Visit the local WaldenBooks and you found on the main table, the place where you are supposed to find books by Stephen King and John Grisham, books by James Dobson and Tim LaHaye. Turn on the local Christian radio station and you were treated to sermon after hectoring sermon delivering not only some of the most fatuous and ignorant arguments ever made in human history, but also to the most vicious invective you’ve ever encountered hurled towards atheists, Mormons, Catholics and other undesirables. I attended a home schooler’s convention at the Wichita Convention Center devoted to the promotion of Young Earth Creationism. Three guesses what those charming folks were teaching their kids. While there I looked at the list of forthcoming conferences to be hosted at the Center. All of them were religious in nature.
In short, idiotic, theocratic Christianity was everywhere, and there were enough such folks to have an immediately obvious and negative effect on the culture. Whole swathes of the country seemed in thrall to this nonsense. My sense of urgency increased.
Then George W. Bush got elected, largely through the support of the religious right. Leaving aside the shenanigans of the 2000 elections, how is it possible that fully half the country could compare Bush, an empty-headed, unaccomplished nonentity who never did anything in his life that wasn’t bought and paid for with his family’s wealth and connections, to Gore, a man of impeccable credentials and accomplishments, who was on the cutting edge of all the major issues of the day, and decide that Bush was the man they wanted? Religion was plainly a big part of the answer.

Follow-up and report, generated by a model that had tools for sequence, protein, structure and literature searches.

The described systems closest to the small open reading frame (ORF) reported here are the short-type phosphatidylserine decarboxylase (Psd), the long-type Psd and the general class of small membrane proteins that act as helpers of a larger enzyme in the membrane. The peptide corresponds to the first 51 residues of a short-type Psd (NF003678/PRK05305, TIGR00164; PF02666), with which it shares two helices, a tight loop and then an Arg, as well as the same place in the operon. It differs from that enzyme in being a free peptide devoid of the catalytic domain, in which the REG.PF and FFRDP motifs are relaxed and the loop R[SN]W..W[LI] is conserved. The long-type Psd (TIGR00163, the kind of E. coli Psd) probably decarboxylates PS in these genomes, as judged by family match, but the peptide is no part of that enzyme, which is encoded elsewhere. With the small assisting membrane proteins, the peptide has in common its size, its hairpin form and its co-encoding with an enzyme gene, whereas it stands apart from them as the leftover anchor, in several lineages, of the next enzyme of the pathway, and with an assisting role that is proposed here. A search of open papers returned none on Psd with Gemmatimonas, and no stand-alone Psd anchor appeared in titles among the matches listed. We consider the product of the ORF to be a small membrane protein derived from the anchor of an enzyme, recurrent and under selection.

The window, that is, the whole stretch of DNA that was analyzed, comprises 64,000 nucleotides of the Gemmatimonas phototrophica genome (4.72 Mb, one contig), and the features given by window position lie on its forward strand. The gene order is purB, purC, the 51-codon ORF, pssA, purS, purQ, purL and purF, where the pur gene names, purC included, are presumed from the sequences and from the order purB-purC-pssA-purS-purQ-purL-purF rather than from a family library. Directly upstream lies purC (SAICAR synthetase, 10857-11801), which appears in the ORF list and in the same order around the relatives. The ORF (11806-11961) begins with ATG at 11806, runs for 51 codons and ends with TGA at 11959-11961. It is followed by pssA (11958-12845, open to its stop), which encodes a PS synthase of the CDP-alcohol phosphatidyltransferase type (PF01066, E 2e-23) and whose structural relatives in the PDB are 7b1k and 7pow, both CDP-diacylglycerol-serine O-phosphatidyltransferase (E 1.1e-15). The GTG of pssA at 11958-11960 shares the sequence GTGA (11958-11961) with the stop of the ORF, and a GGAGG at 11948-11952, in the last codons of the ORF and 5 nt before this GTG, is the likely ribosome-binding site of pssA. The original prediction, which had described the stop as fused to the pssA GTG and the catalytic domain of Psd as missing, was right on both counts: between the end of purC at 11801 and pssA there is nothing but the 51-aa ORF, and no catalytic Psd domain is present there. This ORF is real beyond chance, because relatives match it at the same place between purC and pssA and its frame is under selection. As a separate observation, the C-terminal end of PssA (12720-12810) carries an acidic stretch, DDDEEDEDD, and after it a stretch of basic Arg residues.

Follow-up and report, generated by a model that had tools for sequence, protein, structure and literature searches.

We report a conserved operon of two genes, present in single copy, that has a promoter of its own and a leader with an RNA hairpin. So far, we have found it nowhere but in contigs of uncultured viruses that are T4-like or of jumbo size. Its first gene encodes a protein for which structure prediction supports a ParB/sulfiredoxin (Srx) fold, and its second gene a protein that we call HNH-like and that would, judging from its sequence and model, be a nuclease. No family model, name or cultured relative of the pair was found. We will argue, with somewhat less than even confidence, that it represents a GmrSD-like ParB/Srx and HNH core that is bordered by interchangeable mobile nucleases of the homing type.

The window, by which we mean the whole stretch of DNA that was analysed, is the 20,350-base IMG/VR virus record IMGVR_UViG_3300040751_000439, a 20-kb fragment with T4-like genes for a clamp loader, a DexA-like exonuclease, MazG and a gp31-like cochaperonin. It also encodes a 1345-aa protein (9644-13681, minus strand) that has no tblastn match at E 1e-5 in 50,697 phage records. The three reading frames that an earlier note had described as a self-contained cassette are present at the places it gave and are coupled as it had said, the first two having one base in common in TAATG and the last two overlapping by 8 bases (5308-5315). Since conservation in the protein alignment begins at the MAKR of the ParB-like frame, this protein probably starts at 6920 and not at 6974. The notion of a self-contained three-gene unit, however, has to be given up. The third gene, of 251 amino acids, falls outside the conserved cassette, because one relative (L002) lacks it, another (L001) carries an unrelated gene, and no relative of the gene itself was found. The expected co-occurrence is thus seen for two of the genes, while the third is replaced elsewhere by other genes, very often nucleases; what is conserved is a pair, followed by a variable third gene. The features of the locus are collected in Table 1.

Mind you, it was not religious faith per se that people found appealing in Bush. After all, Gore’s religious faith was heartfelt and unimpeachable. But his was not the sort of simplistic, thoguhtless evangelical faith that Bush prattled about. It was that sort of faith people seemed to like.
Yes, yes, I know there were a lot of issues in the 2000 elections. But for me things were best summed up by Republican congressman turned TV pundit Joe Scarborough, who once remarked that while Gore plainly had the better resume and was clearly a more thoughtful and knowledgable candidate, a lot of people looked at Bush and said, “I trust this guy. He talks to me the way my pastor talks to me.”
So it stopped seeming plausible to me to say that it was the moderate folks who represented the mainstream of American religious thought. There were other things as well. Around this time I started following the evolution issue more closely. I would hear, for example, that Pope John Paul II had accepted evolution. Then I would go read what he actually said and find that it was nothing like the unambiguous endorsement people presented it as. I would hear that the “overwhelming majority” of Christian denominations had long ago made their peace with evolution. Then I would see polls saying that fully half the country accepted young-Earth creationism, and something like three fourths wanted some sort of creationism taught in schools. I would find that even many moderate religious folks of my acquiantance, people who had little use for fundamentalism, were nonetheless very sympathetic to the anti-science view on a great many issues.
In light of this, it struck me then and still strikes me today that it is the height of foolishness to think that Richard Dawkins is any significant part of the problem. Even more foolish is the idea that these sorts of religious beliefs are things to be pandered to, respected, and tiptoed around. Surely an essential part of any solution to the problem is loud and frequent public criticism of religious ideas that, let’s be honest, can not be defended on any rational basis.
The only thing I don’t understand is why that isn’t obvious to everyone.
Okay, enough. That’s my last post on this issue, regardless of the provocation. At least for a little while anyway. In the interest of moving on to other things I probably won’t respond in depth to comments here. Which shouldn’t be interpreted to mean I am uninterested in what people have to say. (Even people like J.J. Ramsey, who seems to have raising my blood pressure as his personal mission in life